It forms part of the emerging ‘Theatre Square’ development – a regeneration project to breathe new life into a formerly neglected part of Ipswich town centre. NW2 is a gift made to the New Wolsey theatre from the developers that own the car parks on the site, including the landmark underground ‘Spiral’ car park. The building has been designed by Phil Waind of WGP architects and has a distinctive gold coloured roof. Architecturally the building pushes the boundaries of standard design for community facilities.
NW2 will be the new home for the New Wolsey theatre’s learning and participation work. Working under the banner of a new ‘Creative Communities’ programme, the team responsible will have office and meeting space in NW2, as well as a large open space for participation work. This work includes curriculum-linked workshops in schools, as well as on-site opportunities for young people to learn a range of technical skills such as lighting, sound, design, theatrical make-up and more.
Inside the new building is a ‘Changing Places’ room – a facility for people that cannot use a standard accessible toilet. The Changing Places room enables people to use the toilet in safety and comfort because it is much larger than a standard accessible toilet. People that could benefit from the facility include people with profound and multiple learning disabilities, motor neurone disease, multiple sclerosis, cerebral palsy, as well as older people. Having this facility available during our opening hours could make all the difference for someone visiting the town centre, who may be unable to venture out otherwise.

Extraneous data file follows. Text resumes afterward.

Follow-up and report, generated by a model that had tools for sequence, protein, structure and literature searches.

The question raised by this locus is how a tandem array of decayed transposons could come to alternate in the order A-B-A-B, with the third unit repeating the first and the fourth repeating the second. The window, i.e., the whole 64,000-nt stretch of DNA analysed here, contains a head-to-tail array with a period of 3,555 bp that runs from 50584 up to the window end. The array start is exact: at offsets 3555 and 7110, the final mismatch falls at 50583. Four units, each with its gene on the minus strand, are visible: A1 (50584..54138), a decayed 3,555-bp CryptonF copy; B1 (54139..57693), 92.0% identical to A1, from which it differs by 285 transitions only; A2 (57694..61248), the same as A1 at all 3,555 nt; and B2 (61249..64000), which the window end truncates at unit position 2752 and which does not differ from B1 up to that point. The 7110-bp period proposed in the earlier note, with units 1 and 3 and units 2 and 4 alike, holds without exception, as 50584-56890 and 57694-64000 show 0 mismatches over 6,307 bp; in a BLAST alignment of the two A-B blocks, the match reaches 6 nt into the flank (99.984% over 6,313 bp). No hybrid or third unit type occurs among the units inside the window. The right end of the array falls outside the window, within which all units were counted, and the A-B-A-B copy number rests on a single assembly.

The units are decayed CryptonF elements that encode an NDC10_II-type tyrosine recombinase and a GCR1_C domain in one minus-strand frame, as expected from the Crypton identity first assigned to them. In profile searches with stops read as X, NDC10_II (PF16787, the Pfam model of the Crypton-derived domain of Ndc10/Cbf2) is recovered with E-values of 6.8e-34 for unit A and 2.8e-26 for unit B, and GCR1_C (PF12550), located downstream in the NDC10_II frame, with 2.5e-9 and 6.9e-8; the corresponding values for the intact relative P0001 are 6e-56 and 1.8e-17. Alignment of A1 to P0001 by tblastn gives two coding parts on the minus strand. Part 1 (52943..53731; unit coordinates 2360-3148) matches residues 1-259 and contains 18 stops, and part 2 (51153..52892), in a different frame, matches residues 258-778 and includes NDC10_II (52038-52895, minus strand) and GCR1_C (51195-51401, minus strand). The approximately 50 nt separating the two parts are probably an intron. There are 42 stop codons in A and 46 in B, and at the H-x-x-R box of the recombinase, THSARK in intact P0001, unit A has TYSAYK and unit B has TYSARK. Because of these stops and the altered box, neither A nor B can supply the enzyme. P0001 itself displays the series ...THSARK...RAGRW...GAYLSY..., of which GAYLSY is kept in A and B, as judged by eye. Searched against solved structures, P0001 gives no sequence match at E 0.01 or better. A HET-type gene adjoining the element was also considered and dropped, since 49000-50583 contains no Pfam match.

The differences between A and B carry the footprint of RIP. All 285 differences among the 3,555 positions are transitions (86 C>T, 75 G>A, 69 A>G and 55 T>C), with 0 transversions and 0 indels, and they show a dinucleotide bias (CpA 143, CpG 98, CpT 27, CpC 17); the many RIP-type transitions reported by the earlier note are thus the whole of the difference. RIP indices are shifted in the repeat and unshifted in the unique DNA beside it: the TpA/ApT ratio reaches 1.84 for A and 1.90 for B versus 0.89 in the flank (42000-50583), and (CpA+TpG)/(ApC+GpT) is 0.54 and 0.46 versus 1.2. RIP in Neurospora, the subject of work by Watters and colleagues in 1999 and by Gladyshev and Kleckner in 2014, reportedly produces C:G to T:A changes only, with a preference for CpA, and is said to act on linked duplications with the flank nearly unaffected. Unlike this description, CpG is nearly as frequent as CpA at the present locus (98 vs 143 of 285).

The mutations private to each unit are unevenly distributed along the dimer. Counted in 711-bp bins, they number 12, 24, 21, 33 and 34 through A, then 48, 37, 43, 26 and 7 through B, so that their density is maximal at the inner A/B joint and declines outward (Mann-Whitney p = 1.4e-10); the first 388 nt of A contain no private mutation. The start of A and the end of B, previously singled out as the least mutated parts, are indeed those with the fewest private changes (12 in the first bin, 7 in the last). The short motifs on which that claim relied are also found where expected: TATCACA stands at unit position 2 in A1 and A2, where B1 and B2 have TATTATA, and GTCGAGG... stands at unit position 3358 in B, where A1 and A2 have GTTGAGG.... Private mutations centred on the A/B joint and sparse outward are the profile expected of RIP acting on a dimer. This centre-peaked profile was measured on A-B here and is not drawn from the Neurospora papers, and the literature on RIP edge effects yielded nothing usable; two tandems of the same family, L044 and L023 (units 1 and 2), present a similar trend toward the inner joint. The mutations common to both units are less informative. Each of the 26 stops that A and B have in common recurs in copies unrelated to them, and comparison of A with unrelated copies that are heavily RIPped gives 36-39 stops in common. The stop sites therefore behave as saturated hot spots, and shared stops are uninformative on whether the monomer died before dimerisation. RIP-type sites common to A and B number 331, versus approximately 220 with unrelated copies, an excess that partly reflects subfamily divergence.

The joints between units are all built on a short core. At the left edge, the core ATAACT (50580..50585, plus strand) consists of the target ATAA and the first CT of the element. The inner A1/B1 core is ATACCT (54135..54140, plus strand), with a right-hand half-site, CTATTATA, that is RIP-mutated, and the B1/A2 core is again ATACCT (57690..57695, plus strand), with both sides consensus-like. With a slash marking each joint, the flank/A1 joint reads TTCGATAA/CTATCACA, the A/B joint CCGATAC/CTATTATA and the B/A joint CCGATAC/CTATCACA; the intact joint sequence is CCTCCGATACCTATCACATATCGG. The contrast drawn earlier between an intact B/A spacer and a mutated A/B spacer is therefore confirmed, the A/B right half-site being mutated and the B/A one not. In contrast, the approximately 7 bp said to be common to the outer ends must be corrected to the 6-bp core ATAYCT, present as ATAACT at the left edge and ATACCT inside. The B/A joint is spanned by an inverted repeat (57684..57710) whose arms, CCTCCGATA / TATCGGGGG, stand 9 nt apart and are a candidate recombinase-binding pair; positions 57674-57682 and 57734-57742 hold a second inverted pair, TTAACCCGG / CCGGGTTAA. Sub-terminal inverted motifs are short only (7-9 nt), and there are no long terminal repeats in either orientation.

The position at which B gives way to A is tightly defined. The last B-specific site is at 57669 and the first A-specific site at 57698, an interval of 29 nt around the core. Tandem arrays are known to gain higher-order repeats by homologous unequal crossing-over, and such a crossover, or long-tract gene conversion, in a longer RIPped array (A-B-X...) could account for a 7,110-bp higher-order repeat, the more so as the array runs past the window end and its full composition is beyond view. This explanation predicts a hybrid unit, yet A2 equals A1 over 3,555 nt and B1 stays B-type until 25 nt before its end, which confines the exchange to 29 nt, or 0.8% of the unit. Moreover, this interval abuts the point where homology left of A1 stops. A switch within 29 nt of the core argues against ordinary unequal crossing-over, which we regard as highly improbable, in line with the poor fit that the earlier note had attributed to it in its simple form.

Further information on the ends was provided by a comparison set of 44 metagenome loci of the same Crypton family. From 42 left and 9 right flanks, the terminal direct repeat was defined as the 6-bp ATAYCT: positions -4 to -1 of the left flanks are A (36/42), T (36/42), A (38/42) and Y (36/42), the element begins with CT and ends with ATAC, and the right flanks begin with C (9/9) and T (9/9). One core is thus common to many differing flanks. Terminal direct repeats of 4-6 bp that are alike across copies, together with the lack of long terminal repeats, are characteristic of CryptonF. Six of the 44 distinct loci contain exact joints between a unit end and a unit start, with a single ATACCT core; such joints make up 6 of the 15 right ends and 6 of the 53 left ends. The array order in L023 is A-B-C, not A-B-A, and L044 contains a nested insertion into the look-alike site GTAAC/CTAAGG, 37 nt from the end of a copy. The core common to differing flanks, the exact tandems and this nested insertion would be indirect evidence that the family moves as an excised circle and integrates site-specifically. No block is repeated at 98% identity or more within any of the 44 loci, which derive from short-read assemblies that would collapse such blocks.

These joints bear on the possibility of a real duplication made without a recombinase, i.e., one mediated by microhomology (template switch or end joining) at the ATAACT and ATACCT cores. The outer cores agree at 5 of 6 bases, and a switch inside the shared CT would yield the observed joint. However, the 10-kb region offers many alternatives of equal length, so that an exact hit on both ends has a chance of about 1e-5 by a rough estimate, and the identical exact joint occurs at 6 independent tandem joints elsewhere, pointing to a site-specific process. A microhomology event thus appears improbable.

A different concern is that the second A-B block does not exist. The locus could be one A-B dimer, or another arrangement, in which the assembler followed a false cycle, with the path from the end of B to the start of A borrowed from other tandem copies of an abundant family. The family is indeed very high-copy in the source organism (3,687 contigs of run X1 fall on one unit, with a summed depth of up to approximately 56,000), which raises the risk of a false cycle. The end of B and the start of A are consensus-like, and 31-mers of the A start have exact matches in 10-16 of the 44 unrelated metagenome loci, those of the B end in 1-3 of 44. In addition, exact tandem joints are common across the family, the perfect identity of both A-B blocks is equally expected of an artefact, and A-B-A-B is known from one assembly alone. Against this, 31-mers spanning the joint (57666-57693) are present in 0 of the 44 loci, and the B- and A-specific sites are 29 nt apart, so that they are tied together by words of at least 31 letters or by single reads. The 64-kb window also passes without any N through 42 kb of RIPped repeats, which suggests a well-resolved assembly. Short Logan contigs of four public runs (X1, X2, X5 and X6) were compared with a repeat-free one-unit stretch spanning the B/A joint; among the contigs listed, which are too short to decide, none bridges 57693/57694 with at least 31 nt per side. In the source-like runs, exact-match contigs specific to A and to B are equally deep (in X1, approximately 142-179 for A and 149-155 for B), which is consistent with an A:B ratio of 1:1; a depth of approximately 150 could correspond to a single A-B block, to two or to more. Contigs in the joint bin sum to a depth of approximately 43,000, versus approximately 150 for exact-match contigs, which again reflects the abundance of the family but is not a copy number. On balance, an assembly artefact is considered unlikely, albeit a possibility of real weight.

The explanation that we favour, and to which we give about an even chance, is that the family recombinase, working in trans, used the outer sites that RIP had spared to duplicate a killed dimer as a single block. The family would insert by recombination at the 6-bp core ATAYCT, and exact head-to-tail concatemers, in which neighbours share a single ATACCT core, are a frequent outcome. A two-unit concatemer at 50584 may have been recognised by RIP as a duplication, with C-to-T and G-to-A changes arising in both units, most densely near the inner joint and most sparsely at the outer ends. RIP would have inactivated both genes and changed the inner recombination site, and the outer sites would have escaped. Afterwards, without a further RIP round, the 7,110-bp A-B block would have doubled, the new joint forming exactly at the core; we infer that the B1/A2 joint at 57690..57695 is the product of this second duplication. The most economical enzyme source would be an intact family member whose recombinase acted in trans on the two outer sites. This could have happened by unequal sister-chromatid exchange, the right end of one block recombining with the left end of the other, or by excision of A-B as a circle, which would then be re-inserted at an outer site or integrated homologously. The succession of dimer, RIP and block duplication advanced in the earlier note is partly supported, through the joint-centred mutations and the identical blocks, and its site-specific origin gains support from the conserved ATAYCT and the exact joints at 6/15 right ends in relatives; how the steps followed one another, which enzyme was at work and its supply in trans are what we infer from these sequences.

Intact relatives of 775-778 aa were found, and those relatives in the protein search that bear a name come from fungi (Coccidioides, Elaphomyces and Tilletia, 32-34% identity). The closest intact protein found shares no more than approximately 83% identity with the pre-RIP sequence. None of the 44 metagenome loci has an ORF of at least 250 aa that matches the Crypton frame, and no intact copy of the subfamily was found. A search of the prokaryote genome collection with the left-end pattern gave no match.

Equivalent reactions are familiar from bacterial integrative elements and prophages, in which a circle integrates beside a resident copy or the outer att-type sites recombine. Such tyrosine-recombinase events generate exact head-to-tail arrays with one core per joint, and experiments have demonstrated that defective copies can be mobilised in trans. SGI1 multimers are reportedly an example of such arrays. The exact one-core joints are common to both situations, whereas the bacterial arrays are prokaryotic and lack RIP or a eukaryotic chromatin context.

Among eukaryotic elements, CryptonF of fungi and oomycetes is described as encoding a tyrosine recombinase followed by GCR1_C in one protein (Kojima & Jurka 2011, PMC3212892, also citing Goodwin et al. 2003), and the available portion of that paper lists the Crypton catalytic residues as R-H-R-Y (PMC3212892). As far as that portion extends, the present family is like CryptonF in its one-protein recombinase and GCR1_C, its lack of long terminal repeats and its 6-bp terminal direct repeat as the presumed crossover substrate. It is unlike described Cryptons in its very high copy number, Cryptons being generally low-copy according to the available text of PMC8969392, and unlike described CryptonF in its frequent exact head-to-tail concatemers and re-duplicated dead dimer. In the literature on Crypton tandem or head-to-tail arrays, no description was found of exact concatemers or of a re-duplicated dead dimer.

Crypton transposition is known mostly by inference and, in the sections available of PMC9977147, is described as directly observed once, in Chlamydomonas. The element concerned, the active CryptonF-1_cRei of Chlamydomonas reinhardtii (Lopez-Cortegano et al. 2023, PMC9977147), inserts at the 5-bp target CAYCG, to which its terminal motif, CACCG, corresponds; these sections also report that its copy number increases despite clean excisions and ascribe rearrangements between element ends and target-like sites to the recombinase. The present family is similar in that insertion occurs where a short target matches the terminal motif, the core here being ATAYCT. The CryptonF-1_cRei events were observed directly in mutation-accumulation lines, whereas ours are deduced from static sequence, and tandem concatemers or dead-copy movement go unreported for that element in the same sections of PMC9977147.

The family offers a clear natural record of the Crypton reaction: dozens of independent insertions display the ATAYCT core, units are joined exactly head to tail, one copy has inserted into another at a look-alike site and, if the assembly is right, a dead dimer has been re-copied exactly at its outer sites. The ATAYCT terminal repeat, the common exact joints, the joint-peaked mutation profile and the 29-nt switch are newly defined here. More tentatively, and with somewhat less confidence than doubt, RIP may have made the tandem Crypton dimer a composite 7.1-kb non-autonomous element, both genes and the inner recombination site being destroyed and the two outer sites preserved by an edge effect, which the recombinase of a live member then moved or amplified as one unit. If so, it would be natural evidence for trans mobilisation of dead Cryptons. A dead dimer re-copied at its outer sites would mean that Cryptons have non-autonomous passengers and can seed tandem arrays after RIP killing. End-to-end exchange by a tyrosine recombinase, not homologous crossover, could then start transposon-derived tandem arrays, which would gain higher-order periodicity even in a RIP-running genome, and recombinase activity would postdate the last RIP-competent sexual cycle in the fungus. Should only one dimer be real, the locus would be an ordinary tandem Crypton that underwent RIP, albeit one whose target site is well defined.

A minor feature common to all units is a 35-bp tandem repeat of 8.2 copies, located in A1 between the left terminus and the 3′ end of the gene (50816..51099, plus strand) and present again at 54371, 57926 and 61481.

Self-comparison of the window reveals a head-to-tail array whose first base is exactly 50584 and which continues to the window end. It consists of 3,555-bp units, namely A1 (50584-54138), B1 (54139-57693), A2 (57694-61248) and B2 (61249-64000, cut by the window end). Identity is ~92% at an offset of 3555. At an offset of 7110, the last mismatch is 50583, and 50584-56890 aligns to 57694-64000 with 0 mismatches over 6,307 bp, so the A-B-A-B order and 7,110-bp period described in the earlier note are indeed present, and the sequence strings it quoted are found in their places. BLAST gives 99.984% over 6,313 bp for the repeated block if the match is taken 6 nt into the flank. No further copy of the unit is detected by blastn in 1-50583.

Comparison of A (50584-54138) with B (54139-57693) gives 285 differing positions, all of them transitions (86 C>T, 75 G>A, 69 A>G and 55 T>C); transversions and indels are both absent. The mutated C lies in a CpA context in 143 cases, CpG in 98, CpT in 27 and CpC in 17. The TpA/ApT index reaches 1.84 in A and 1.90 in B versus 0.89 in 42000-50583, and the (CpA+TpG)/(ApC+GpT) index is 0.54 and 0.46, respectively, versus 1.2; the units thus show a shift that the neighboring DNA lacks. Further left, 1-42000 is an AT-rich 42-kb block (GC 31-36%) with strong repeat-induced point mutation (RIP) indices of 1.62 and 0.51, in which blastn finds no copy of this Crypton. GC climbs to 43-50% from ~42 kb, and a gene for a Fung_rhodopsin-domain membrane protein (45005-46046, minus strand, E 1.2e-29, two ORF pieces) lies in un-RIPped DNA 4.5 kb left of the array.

The New Wolsey Theatre has always been a champion of making performing arts accessible to all. As a founder member of the ground breaking Ramps On The Moon, the New Wolsey is part of a consortium of theatres striving to normalise the presence of deaf and disabled people on and off the stage. The Ipswich run of the extraordinary (ROTM) production of Oliver Twist was sadly cancelled due to Covid-19.